Thank you again, I'll add these tactics to my tool belt.

    5 votes
  13. Comment on Job hunts after a toxic work experience in ~life

    beanie
    Link Parent
    That might be a goal of mine in the future! I definitely need to set up a financial/business plan. For now, I'm looking to gain experience and capital until I can get there (and my professional...

    That might be a goal of mine in the future! I definitely need to set up a financial/business plan. For now, I'm looking to gain experience and capital until I can get there (and my professional engineering license).

    6 votes
  14. Comment on Job hunts after a toxic work experience in ~life

    beanie
    Link Parent
    I studied civil/environmental engineering. Most of my experience has been in the construction field (a field I am looking to move out of). I can't speak to your feelings of being tired, I can only...

    I studied civil/environmental engineering. Most of my experience has been in the construction field (a field I am looking to move out of).

    I can't speak to your feelings of being tired, I can only speak to my own. Me feeling "tired" can be an indication of me feeling helpless and not wanting to admit there is nothing I can do (out of pride): I can't change the past nor the present world to be more inclusive and less insensitive to diversity. The feeling of "distrust" that I have can be a feeling that is trying to keep me safe: if I avoid people/situations altogether then there's a 100% chance I won't be mistreated. I'm frustrated by these feelings because it is stopping me from living the life I want to live/achieving my goals.

    Why do you feel tired and distrusting of people? I understand if you're not ready to answer that question, sometimes questions like that can bring up and remind us of uncomfortable situations/experiences.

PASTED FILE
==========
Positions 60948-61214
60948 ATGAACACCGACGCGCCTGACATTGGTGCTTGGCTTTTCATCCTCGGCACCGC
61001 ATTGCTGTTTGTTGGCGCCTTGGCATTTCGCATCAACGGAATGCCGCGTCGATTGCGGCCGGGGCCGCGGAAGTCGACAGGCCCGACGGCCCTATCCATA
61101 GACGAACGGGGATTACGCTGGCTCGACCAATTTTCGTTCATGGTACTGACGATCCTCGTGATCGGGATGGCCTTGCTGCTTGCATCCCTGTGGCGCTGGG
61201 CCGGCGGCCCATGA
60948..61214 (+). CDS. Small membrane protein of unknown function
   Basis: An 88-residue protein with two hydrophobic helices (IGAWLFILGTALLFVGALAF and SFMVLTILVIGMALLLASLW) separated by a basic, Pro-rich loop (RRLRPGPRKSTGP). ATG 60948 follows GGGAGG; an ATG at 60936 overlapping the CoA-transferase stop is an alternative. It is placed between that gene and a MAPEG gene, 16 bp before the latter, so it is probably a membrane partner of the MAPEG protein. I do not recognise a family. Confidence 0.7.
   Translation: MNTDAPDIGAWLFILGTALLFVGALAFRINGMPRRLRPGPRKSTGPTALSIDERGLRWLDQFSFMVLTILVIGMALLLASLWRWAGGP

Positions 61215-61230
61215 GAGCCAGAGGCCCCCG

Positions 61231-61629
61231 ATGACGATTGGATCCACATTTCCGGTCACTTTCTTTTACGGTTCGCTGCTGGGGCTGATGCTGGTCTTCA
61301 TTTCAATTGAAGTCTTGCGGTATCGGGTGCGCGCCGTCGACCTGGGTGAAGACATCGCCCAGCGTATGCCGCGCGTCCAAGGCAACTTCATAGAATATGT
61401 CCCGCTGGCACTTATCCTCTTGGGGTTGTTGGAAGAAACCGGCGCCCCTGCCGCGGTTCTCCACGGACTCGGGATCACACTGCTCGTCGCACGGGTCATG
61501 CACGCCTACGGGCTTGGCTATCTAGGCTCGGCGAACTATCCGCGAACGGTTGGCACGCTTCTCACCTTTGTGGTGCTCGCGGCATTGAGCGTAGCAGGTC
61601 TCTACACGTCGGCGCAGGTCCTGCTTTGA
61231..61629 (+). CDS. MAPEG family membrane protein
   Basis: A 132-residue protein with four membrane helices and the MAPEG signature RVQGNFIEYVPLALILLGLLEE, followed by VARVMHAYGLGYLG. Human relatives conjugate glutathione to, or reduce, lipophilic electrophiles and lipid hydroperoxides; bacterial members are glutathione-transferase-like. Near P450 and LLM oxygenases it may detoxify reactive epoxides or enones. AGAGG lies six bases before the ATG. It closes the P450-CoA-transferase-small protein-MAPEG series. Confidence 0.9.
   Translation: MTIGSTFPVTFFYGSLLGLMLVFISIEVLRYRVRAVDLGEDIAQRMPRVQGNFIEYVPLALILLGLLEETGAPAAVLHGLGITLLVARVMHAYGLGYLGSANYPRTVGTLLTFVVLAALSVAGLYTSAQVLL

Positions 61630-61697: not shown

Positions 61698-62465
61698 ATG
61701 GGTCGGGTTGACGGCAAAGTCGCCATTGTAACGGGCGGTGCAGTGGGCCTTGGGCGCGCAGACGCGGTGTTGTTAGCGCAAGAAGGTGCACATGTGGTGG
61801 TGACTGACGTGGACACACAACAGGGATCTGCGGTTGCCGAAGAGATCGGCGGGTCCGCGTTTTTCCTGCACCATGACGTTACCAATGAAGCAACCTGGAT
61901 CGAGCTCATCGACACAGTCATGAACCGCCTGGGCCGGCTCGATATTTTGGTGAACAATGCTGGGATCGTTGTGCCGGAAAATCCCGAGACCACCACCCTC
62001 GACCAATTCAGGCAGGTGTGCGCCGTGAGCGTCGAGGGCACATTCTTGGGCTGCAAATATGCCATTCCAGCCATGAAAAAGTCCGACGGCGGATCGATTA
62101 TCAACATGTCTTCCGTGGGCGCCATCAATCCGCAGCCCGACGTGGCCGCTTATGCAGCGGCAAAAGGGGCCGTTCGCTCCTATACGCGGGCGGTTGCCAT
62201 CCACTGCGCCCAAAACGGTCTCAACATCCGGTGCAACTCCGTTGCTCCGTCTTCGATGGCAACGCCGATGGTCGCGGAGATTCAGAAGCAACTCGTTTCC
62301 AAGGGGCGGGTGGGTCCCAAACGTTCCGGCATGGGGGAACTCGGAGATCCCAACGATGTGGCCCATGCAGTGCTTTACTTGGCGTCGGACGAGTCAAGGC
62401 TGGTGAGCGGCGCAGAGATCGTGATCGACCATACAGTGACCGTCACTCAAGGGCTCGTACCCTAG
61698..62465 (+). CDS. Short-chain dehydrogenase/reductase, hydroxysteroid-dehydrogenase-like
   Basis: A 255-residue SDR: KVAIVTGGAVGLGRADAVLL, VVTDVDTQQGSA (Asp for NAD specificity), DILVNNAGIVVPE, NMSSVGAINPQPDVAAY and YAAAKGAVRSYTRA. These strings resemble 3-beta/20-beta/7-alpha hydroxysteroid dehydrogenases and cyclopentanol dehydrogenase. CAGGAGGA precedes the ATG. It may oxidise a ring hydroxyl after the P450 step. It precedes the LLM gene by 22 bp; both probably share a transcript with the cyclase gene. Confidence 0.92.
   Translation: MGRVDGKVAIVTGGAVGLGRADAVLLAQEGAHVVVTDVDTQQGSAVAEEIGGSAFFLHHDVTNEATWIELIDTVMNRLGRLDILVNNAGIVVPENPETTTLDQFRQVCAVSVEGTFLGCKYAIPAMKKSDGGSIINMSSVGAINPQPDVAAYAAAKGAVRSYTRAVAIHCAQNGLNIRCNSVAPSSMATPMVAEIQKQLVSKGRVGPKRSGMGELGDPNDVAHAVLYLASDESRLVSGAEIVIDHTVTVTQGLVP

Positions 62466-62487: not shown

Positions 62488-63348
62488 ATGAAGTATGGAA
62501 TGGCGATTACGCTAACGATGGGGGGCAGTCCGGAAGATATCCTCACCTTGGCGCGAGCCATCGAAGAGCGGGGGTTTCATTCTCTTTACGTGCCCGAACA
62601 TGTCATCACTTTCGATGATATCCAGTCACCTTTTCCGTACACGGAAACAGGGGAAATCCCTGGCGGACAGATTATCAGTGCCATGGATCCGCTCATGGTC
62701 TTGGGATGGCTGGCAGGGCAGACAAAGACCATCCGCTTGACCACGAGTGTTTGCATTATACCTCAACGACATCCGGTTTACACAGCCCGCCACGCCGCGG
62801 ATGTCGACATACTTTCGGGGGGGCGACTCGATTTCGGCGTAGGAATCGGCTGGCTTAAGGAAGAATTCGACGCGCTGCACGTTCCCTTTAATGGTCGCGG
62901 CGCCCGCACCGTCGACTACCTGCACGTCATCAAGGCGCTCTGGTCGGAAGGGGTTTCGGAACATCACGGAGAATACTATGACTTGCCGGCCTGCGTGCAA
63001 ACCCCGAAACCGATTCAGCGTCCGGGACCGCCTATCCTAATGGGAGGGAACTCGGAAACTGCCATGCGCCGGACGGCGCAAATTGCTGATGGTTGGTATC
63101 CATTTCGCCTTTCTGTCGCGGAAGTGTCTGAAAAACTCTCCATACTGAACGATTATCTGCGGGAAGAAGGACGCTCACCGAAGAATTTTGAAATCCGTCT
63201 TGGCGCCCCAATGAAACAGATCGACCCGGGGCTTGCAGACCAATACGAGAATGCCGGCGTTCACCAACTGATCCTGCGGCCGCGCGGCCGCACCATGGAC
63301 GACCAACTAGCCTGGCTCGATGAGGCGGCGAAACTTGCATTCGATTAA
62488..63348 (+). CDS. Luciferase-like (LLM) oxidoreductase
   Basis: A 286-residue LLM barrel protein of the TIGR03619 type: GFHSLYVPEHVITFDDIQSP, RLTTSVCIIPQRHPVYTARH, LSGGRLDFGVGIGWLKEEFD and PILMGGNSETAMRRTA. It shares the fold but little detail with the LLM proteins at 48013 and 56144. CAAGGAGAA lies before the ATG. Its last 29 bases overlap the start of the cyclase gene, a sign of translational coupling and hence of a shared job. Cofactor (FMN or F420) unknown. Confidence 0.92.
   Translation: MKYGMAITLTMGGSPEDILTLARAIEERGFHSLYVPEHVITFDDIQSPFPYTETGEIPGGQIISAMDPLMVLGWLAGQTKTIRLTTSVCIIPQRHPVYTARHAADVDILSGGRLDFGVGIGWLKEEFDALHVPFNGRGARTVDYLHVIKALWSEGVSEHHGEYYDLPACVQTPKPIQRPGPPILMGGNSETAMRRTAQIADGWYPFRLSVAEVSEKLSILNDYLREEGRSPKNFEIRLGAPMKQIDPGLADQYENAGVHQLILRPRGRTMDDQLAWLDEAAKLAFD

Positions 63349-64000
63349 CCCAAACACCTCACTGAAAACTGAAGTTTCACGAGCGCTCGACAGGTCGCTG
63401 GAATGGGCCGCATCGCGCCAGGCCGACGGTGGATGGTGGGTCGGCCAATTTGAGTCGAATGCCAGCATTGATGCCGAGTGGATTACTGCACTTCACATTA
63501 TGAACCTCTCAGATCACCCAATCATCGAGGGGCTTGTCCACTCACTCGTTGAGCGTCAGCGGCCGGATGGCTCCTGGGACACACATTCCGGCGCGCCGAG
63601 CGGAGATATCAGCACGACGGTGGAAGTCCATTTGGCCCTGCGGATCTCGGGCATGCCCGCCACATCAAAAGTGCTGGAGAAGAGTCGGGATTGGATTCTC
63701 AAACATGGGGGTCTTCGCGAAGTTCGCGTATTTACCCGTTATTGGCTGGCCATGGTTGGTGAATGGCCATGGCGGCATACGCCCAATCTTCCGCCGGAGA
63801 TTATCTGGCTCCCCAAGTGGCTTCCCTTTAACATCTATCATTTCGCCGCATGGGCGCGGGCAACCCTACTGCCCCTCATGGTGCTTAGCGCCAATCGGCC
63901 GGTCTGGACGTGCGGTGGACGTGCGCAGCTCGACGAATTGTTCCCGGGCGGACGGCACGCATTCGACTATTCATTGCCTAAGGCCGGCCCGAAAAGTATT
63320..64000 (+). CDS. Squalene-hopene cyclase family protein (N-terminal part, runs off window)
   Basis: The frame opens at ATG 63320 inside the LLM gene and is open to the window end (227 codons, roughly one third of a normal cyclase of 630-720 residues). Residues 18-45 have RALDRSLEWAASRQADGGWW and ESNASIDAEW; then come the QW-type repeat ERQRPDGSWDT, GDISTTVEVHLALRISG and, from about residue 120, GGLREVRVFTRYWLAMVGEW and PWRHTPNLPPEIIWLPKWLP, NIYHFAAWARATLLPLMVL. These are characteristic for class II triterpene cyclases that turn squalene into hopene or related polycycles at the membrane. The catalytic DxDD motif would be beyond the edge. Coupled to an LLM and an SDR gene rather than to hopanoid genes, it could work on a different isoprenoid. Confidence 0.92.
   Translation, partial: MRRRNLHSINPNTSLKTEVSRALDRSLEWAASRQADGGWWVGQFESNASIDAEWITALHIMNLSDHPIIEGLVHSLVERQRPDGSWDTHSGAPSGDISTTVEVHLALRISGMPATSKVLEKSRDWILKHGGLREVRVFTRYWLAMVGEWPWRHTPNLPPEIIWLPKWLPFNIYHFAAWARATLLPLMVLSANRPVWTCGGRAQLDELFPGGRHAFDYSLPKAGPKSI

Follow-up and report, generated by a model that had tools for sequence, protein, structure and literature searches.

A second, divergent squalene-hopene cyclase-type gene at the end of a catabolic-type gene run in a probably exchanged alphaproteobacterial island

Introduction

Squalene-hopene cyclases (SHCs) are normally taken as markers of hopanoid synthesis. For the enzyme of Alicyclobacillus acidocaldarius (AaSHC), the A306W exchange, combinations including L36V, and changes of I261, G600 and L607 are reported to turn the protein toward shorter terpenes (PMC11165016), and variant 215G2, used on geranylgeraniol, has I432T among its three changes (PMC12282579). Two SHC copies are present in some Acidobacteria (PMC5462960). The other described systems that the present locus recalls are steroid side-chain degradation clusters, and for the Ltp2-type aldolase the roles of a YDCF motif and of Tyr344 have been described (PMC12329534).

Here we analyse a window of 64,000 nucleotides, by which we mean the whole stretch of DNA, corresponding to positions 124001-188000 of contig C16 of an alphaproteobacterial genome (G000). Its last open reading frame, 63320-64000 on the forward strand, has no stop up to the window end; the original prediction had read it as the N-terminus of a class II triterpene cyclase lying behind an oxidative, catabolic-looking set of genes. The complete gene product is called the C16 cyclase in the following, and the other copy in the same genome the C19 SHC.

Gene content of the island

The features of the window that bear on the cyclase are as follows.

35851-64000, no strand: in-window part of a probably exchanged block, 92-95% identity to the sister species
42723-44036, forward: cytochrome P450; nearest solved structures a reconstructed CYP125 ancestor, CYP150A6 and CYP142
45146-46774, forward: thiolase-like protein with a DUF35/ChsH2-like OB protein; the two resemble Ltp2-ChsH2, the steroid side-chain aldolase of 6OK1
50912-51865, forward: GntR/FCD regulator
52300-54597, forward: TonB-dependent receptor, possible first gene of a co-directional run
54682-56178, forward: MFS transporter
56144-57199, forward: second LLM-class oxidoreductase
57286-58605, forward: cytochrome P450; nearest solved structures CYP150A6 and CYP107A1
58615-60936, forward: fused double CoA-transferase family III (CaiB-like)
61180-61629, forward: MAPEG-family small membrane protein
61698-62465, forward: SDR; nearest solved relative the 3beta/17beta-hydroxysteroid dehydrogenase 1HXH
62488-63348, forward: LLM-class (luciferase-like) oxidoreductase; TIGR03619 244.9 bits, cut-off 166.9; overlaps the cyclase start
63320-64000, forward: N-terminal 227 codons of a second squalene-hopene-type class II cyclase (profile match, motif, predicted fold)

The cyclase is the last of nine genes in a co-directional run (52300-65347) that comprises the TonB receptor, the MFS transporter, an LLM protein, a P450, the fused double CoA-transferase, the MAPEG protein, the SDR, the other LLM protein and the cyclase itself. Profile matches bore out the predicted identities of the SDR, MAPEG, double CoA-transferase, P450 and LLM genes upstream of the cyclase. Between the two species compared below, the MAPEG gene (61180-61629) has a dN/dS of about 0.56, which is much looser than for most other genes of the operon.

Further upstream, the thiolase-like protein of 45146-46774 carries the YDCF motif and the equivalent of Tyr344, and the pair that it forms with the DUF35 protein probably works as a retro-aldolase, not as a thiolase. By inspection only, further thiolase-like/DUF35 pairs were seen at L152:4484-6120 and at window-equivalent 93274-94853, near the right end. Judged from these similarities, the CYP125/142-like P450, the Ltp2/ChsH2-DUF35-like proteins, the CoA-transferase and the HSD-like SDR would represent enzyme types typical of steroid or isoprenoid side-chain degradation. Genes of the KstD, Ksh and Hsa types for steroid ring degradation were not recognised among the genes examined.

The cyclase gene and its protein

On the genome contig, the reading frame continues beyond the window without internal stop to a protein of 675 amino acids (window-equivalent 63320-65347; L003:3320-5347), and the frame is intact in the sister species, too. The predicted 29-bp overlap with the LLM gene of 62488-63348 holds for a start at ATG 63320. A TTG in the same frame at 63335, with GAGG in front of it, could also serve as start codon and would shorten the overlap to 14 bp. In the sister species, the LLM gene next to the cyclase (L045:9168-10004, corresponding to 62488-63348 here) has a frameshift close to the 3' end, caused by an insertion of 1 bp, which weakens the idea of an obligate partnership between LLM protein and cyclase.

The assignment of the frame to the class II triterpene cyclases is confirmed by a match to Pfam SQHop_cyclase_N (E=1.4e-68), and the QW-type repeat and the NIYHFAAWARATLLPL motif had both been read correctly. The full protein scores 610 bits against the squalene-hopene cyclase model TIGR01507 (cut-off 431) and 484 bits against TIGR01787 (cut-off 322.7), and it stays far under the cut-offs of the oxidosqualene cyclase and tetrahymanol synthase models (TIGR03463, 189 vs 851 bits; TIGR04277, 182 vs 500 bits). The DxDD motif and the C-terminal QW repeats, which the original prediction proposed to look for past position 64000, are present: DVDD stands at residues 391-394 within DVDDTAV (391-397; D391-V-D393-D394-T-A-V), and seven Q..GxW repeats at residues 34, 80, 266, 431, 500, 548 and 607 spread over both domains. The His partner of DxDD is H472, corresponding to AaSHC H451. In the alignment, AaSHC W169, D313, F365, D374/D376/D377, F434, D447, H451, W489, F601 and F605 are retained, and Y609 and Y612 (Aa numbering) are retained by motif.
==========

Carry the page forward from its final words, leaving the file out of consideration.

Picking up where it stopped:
5 votes
  15. Job hunts after a toxic work experience

    I terminated my position over 4 months ago and I'm still not able to apply for jobs. I'm frustrated with my inability to move on from the previous toxic work environments. My background is in a...

    I terminated my position over 4 months ago and I'm still not able to apply for jobs. I'm frustrated with my inability to move on from the previous toxic work environments. My background is in a male dominated field and there was always something either insensitive, sexist or racist said in all my previous workplaces. I feel, I know I'm going to be met with some sort of comment in my next work place and I no longer want to put myself in those situations anymore. I don't know how I'll react, I feel like I may explode if I hear another ignorant phrase.

    I want to be able to make money. People say I must not have liked what I did very much if I wasn't able to put up with the comments. Other people say that that's just how the world is, "get used to it!" I've also heard that I'm just going to have to wait for change because drastic/fast pace change causes recoil. All of these comments literally tell me to suck it up and allow the same rhetoric to propagate. And, of course, all of this has been told to me by white men, those who aren't effected by the comments said to me.

    Things that have happened to me or that were said to me:

    • Smile more
    • I'm too soft spoken/nice
    • I'm too aggressive
    • "Do you want to fix your hair?"
    • A project manager bought me hair product, I didn't ask. I have curly hair and it took me a long time to love my curls, but it's seen as "unprofessional"
    • A Director was staring at my hair throughout an entire interview
    • "I'll put you up there" when the males were talking about strip clubs
    • "Why are women crazy?"
    • I've been kissed on my face and told "if only I met you before my wife"... never had a fucking conversation outside work with this person. I didn't even speak to him more than once a week!
    • "We were surprised that you and Mohammad spoke English". Both me and Mohammad were born and raised in the United States. When I responded with "Why did you guys think that?" they conveniently stumbled and changed the subject.
      ... Many more things happened, but require too much context.

    I just don't get it. Am I suppose to let ALL these things slide? Am I suppose to hold empathy for people who don't have empathy for me? Who don't empathize with me and how what they have said may have made me feel? Should I forgive people who would rather hide the fact that they said something rather than apologize? (And yes, I filed reports for some of these comments/experiences and the rhetoric was "She got X fired", not "X's own behavior got them fired".)